French Milk by Lucy Knisley

French Milk
Lucy Knisley
Touchstone 2008

This graphic novel is a kind of visual diary of young Chicago resident Knisley’s month-long trip to Paris with her mother in 2007. Her clean brush drawings are interspersed with snapshots (mostly of her) from the trip. It’s described as a “moving, personal look at a mother-daughter relationship”, but her revelations are no more profound than those of anyone else who visits Europe. It would be fascinating to see her make the same trip after twenty (or even ten) years of life experience. I’d recommend it to any teenager about to travel overseas for the first time – personally, I’m too old and bitter to read her wide-eyed appreciation of French food and art without wanting to curse a mighty oath and dash the book upon the carpet. Published at 22? Bah!

I was ready to hate Knisley for being young and pretty and overprivileged, but then I visited her charming website. She shows how far you can get by being talented, taking advantage of the many opportunities that are available to you, and working really hard. So, fair enough.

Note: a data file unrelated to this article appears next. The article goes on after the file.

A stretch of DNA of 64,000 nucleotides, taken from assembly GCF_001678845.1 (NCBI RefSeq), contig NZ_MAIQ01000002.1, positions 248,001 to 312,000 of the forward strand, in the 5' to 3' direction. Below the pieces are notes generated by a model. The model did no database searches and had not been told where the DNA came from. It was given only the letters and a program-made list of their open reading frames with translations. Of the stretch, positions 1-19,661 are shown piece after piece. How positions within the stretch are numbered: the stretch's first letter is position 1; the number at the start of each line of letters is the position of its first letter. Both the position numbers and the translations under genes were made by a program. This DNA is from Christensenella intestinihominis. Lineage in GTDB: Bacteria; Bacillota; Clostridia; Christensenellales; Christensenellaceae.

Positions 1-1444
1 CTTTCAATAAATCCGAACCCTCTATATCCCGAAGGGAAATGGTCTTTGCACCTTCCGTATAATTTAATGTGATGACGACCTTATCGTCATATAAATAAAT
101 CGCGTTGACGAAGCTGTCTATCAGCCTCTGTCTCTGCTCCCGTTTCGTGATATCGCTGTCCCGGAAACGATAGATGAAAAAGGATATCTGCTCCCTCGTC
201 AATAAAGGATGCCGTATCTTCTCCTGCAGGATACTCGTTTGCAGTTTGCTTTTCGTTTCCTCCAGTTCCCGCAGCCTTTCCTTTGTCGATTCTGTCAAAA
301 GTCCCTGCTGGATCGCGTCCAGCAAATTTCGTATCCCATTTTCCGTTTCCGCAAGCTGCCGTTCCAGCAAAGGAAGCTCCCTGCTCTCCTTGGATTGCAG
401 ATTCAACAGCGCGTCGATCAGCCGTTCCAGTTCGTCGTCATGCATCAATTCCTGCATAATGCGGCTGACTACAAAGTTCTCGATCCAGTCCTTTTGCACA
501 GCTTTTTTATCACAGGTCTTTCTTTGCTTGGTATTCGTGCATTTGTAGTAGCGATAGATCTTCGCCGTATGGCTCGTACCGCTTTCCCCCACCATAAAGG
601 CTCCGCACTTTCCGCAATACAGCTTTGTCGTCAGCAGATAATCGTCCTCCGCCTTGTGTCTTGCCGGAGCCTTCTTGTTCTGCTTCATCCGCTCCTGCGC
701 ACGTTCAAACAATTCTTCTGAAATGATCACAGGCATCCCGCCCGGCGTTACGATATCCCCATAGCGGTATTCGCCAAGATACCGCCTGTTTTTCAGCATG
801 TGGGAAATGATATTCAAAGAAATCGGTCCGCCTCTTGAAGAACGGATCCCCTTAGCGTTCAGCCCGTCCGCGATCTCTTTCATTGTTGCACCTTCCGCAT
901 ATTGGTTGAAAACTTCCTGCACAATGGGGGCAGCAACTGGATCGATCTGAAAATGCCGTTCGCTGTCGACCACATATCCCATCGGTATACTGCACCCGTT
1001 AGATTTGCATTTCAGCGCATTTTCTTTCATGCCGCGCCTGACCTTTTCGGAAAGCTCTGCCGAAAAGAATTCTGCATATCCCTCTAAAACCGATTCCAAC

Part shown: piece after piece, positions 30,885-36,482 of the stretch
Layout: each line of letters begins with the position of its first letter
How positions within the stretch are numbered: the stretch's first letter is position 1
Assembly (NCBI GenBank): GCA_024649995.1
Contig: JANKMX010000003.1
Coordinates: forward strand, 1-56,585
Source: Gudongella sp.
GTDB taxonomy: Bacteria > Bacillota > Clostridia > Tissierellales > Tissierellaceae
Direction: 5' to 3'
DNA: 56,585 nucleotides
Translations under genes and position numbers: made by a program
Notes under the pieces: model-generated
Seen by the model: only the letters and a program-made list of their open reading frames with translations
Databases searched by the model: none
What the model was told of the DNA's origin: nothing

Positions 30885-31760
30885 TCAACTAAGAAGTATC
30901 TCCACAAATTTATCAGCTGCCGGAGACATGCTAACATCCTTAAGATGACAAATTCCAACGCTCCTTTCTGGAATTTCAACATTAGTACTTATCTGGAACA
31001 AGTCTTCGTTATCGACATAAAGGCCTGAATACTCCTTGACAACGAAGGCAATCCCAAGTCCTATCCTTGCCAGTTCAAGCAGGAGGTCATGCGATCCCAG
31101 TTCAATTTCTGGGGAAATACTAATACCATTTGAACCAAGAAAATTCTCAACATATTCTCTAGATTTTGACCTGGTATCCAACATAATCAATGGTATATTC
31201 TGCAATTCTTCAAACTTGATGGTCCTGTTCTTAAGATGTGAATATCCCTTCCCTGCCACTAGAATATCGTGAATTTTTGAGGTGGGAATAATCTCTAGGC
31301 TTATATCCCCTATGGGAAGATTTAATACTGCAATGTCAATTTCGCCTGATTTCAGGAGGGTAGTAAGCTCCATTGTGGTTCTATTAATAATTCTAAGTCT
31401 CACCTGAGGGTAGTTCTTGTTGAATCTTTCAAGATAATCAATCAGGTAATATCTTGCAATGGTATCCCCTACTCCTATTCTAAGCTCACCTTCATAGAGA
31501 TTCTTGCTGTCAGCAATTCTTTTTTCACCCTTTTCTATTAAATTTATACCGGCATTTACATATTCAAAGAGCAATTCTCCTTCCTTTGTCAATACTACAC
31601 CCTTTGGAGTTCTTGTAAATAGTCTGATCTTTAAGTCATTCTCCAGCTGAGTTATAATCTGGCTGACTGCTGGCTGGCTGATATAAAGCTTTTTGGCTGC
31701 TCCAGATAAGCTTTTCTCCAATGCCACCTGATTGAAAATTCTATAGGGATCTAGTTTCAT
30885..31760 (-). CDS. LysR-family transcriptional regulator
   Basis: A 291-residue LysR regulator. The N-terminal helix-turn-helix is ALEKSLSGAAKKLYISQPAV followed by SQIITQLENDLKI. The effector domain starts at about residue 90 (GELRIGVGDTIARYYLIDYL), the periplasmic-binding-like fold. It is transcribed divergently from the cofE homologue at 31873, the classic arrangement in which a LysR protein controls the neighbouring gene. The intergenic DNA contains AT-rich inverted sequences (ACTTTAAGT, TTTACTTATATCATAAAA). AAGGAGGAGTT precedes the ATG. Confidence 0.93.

She’s doing an MFA at the Center for Cartoon Studies in Vermont, which is the kind of institution that would be regarded in New Zealand as a swindle to attract education funding dollars. There’s no way non-cartoonists would even take its existence seriously, and actual cartoonists would resent the implication that you have to have some sort of formal qualification to be a cartoonist. Although we’d probably welcome the air of legitimacy this would confer. Although the only job you’d be qualified for would be teaching at the Center*.

* Self-perpetuation the raison d’être of academia? Where have I seen that before?
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